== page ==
Extended Data Fig. 7 Identity of immune cell cluster in human MS scRNA-seq datasets and characterization of analyzed human MS lesions.

a, Distribution of immune cells from control and MS patients (left) and k-means clustering (right) of cells (resolution 0.1) on UMAP plot of merged external scRNA-seq datasets. b, Frequency distribution of cells from control and MS patients in each cluster. c, Expression of selected marker genes in T cells (CD3) and non-microglia/macrophages (FSP1, Fibroblast-Specific Protein-1) in cluster 4 of sc-RNAseq datasets. d, Expression of selected marker genes in myeloid cells (AIF1, CX3CR1), oligodendrocytes (PLP1) and DHCR24 expressing cells in analyzed immune cells of sc-RNAseq datasets. e, Expression of genes related to cholesterol export in analyzed immune cells of sc-RNAseq datasets. f, Histological characterization of isolated lesions from individual patients. Dotted line indicates lesion rim defined by myelin staining (LFB/PAS).Center activity (square) was determined by presents of phagocytic cells (KiM1P) (Scale 500 µm). g, Tissue water (g/g dry tissue) of control white (n = 3 patients) matter and MS lesion material (n = 4 patients). R: Active lesion rim (n = 5 lesions); AC: Active lesion center (n = 3 lesions); IC: Inactive lesion center (n = 4 lesions). Asterisks mark significant changes (one-way ANOVA with Holm-Sidak post test). **p < 0.01,*p < 0.05. h, Relative abundance of cholesterol normalized to input tissue weight and standard (controls set to 1) of control white (n = 3 patients) matter and MS lesion material (n = 4 patients). R: Active lesion rim (n = 5 lesions); AC: Active lesion center (n = 3 lesions); IC: Inactive lesion center (n = 4 lesions). Asterisks mark significant changes (one-way ANOVA with Holm-Sidak post test). ***p < 0.001, **p < 0.01, *p < 0.05.

Extended Data Fig. 8 Inflammatory response in wild type and SQS-KO BMDMs challenged with LPS.

a, Mean ROS levels in control (left) and SQS-KO BMDMs (right) stimulated with or without LPS and treated with or without squalene (100 µM) (n = 8 cultures per condition). Data normalized to untreated control (set to 1). Asterisks mark significant changes (two-way ANOVA with Holm-Sidak post test). b-f, Relative expression of cholesterol efflux (b, c) and inflammatory (d-f) genes in control and SQS-KO BMDMs treated with myelin+LPS with or without squalene (as depicted in Fig. 5c), normalized to untreated WT cultures(n = 4 cultures) (two-way ANOVA with Holm-Sidak post test). Asterisks mark significant changes, ***p < 0.001, **p < 0.01, *p < 0.05.

Extended Data Fig. 9 Squalene affects serum squalene levels in lysolecithin and EAE models of MS but not in cuprizone-treated mice.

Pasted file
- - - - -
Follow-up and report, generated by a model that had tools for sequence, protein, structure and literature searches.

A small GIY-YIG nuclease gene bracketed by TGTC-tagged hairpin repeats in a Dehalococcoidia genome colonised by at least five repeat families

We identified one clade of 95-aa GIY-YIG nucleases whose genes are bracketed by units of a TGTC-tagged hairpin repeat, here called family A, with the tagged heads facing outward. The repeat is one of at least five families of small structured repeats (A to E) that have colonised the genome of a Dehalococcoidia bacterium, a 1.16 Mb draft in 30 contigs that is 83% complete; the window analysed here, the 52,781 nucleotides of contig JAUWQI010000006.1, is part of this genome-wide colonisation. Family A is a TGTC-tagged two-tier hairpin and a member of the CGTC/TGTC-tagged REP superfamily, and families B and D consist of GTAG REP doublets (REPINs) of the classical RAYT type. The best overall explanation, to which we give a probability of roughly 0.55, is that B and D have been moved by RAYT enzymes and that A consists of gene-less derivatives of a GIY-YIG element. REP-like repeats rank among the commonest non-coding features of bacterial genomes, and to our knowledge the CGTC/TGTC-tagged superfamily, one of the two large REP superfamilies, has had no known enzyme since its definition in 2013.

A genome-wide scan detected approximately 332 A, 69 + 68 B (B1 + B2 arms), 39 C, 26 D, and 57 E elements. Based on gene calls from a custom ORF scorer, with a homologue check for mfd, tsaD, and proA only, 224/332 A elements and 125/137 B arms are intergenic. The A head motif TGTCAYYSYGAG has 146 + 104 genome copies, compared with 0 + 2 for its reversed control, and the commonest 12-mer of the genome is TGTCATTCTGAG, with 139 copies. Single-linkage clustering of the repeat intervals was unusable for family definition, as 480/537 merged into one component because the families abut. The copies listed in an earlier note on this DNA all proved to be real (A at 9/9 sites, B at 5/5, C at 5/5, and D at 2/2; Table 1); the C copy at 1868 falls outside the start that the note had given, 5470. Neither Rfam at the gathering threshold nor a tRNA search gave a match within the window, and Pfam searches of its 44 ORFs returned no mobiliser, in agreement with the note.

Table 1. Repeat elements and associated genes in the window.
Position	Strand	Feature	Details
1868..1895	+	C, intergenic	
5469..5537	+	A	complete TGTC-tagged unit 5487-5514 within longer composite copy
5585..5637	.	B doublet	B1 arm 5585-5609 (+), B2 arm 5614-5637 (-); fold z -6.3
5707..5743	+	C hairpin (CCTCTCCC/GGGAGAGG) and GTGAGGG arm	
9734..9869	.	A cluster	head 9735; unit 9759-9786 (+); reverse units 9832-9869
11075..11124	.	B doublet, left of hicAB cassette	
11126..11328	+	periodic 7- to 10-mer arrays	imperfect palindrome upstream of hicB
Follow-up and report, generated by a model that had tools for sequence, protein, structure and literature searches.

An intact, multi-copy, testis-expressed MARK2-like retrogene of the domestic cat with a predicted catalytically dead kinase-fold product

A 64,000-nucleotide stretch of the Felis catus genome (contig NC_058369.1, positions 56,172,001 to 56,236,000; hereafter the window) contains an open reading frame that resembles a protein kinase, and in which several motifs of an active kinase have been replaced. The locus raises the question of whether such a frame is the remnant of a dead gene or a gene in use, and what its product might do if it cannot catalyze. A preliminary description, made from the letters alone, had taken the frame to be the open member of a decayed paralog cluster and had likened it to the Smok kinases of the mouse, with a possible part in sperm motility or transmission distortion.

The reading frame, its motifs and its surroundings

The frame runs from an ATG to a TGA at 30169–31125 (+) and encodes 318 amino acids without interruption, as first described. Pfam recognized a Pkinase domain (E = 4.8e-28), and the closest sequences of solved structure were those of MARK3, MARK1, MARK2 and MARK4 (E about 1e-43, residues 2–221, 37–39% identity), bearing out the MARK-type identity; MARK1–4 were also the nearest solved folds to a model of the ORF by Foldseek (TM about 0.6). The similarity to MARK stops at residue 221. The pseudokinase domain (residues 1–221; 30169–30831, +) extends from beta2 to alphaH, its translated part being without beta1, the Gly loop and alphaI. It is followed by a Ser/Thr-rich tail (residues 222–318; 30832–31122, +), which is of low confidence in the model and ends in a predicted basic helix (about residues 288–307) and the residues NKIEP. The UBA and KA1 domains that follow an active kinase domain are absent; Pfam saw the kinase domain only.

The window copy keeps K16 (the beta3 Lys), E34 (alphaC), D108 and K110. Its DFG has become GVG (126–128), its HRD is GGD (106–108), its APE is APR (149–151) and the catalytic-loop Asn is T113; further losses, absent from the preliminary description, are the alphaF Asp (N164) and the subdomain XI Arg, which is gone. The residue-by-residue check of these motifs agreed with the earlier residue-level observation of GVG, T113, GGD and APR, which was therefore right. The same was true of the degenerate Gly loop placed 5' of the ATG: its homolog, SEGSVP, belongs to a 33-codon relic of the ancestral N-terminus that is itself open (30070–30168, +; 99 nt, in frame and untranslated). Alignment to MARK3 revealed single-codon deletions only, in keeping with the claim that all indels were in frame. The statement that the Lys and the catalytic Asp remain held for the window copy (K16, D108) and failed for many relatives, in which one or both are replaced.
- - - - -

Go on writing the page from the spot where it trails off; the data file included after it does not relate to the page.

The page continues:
a, Peripheral serum cholesterol profile of control (n = 5 animals) and squalene-treated WT (n = 6 animals) animals 14 days post injection with lysolecithin. Measurement shows total cholesterol (TC), low-density lipoprotein cholesterol (LDL) and high-density lipoprotein cholesterol (HDL). Dotted lines indicate values of non-diseased WT mice (Student’s t-test, two-sided). b, Serum squalene concentration measured by HPLC in control and squalene-treated lysolecithin animals treated as in (a) (n = 3 animals each group) (Student’s t-test, two-sided). c, Histopathological quantification of the lesion size and MAC3 + microglia/macrophages in the lesions from control (n = 9 lesions from 5 animals) and squalene treated animals (n = 11 lesions from 6 animals) at 14 dpi lysolecithin (Scale 100 µm) (Student’s t-test, two-sided). d, Scheme depicting induced remyelination paradigm in the cuprizone model12. Mice were fed cuprizone for 4 weeks after which mice received chow supplemented with vehicle or squalene for one week (dotted line) followed by analysis. The gray line depicts the degree of myelination in case of continued cuprizone feeding. e, Peripheral serum cholesterol profile determining total cholesterol (TC), low-density lipoprotein cholesterol (LDL) and high-density lipoprotein cholesterol (HDL) in control (n = 5 animals) and cuprizone (n = 4 animals) mice treated as in (d). Dotted lines indicate values of non-disease WT mice (Student’s t-test, two-sided). f, Serum squalene concentration measured by HPLC in control and squalene-treated lysolecithin animals treated as in (d) (n = 3 animals each group). Dotted line indicates values of non-disease controls. g, Histological quantification of myelination (Gallyas), mature oligodendrocytes (CAII), oligodendrocyte linage cells (OLIG2), microgliosis (MAC3) and astrogliosis (GFAP) at induced remyelination with squalene supplementation (n = 3 animals) compared to control (n = 7 animals) in mice treated as in (d). h, Peripheral serum cholesterol profile of control (n = 10 animals) and squalene-treated (n = 11 animals) EAE animals during peak of disease (16 dpi). Measurement shows total cholesterol (TC), low-density lipoprotein cholesterol (LDL) and high-density lipoprotein cholesterol (HDL). Dotted lines indicate values of non-disease WT mice. i, Serum squalene concentration of control (n = 2 animals) and squalene-treated (n = 3 animals) EAE animals during peak of disease (16 dpi) measured by HPLC. j, Clinical score ± SEM of control (n = 6) and prophylactically squalene-treated (n = 6) EAE animals analyzed at peak of disease (16 dpi). k, Number of CD4 + and CD8 + T cells, CD11b/CD45high macrophages and CD11b/CD45low microglia per gram spinal cord determined by flow cytometry at peak of EAE (16 dpi) in control (n = 6 animals) and squalene-treated animals (n = 6 animals) (Student’s t-test, two-sided). l, Quantification of blood inflammatory cells by flow cytometry from animals as in (j) during peak of EAE disease (n = 6 animals each group). m, Analysis of inflammatory cells in spinal cord tissue by flow cytometry from control (n = 6 animals) and therapeutically squalene-treated (n = 5 animals) EAE animals (Fig. 6e) (Student’s t-test, two-sided). n, Relative abundance of sterol intermediates in spinal cord of squalene-treated EAE animals (n = 4 animals) normalized to untreated EAE controls (n = 4 animals, set to 1) (Student’s t-test, two-sided). o, Quantitative RT-PCR analysis determining the expression housekeeping reference genes in isolated CD11b + cells from spinal cord from EAE control (n = 6 animals) and EAE mice treated with squalene (n = 6 animals). Bar graphs represent means with individual data points. Asterisks mark significant changes, ***p < 0.001, **p < 0.01, *p < 0.05.